Wednesday, May 21, 2014

When are there exceptions to having Christ-Like love?

We hear it all the time in our culture "She's just lashing out because of ___ trial" or "He will help you later after he works ___ out" "I will help you when I pull myself together, I’m having a really rough time." Emotions tend to justify unwillingness to serve at times, and the truth is I’ve never really seen any problem with it whatsoever. We are all human, and we all need solitude and our own time to work things out. But, as I read Matthew 14 the thought came to me that although we might be experiencing "rough waters" is that an excuse to not pull someone up into a boat that is drowning? Some might say, that isn't a realistic example as refusing to help someone with small matters as we are experiencing severe emotional trials, because most of the time it isn't life or death options like the rough waters. But is there a limit, or are there certain boundaries, that Christ-like love only fits into?

Let's explore Matthew 14 for a brief moment. In this chapter we have 2 major miracles: The feeding of the 5,000 and Peter walking on water. Although these are remarkable and great points to focus on, (as pointed out in my New Testament class) we tend to skip over the first part of the chapter. 

John the Baptist is beheaded. Now first, you have to remember that John was sent to be the "forerunner" to Jesus. In other words, he would do certain things before Jesus and prepare his way (like birth, baptism, disciples, and death). Now let's think about this for a moment. Jesus does not only have a very close relationship with John because of their divine roles, they are also related. So in one sentence Jesus, in essence in v. 13, is told that a very close person to him has been killed but because John is his forerunner, Jesus's death is nigh at hand. Can you imagine if someone came to you and said, "Someone you love has been murdered, and you will be next very soon". The weight and magnitude of the situation would be highly unbearable.  

If we look at Jesus's human side for a moment, we can explain his reaction in v. 13 as He tries to be alone and went on a ship to go pray to His father at his destination. In v. 13 and 14 we see that as soon as a multitude saw Jesus leaving, they followed him and waited for His ship to arrive. Now think for a moment, as my teacher put it, if you were Jesus wouldn't you be strongly tempted to tell the people Look I’m having a really hard time right now, but I will come back when I feel better and help you! Yes, of course that would be tempting. Instead, Jesus heals all of them. And then He feeds all of them. He spends the entire day with these people right after his emotional trauma occurred, and never complained once. After the people departed, Jesus told His disciples to get on a ship without Him so He could go pray to His Father in the mountain. Jesus finally had his moment of desperate solitude.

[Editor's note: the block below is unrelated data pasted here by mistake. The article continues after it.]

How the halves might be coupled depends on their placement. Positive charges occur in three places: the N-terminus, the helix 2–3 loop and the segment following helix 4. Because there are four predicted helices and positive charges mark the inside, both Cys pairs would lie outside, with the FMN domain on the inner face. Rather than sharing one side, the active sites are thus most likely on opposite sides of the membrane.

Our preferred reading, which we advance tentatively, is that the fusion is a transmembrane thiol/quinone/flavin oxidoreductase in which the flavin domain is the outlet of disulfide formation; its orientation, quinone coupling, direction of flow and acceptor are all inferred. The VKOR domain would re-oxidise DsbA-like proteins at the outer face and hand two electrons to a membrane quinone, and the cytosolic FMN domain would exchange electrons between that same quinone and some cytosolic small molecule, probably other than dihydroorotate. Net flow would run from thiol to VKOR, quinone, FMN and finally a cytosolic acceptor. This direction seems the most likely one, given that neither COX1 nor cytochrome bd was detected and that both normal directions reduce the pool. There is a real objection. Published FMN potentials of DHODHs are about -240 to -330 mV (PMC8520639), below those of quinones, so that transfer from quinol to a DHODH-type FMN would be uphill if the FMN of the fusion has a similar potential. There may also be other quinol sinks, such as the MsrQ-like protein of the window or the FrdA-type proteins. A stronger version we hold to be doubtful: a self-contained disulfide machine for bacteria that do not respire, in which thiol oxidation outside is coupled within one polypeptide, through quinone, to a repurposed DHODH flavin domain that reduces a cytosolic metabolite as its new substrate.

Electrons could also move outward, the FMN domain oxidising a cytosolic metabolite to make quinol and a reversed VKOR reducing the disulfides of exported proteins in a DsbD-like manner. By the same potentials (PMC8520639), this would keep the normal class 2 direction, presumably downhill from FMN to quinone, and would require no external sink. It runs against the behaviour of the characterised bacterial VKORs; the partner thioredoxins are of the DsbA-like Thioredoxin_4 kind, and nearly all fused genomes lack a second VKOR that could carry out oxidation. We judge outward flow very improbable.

As I tell you this story and give a little more of a human perspective on it, I don't want you to think I am implying that it is not okay to mourn during a traumatic experience, because it is okay. Jesus did, and He turned to Heavenly Father for comfort and help. But, in the meantime Jesus also helped those in need and that surely did bring more joy into His life. I tell you this story because as we go through terrible things throughout our lives, we might be very tempted to wallow up and stop moving forward. I'm telling you today that you don't have to stop, rely on Jesus to carry you during these times that you feel too weak, and as you strive to lift others as well your strength will increase. I will conclude with a quote from Elder Cook's Talk, "Hope Ya Know, I Had A Hard Time" 

"I testify that the Atonement of Jesus Christ covers all of the trials and hardships that any of us will encounter in this life. At times when we may feel to say, "Hope you know, I had a hard time," we can be assured that He is there and we are safe in His loving arms...When our beloved prophet, President Thomas S. Monson, was asked on his birthday this past August what would be the ideal gift that members worldwide could give him, he said without a moment's hesitation, "find someone who is having a hard time...and do something for them""

It is okay to mourn and to cry and to weep! We are human! But while we are going on this crazy journey we call life, with many trials, let us remember that my strengthening our brethren we will too be strengthened even more. I have heard it coined, "Service is the fastest working medicine... even faster than Advil!" 

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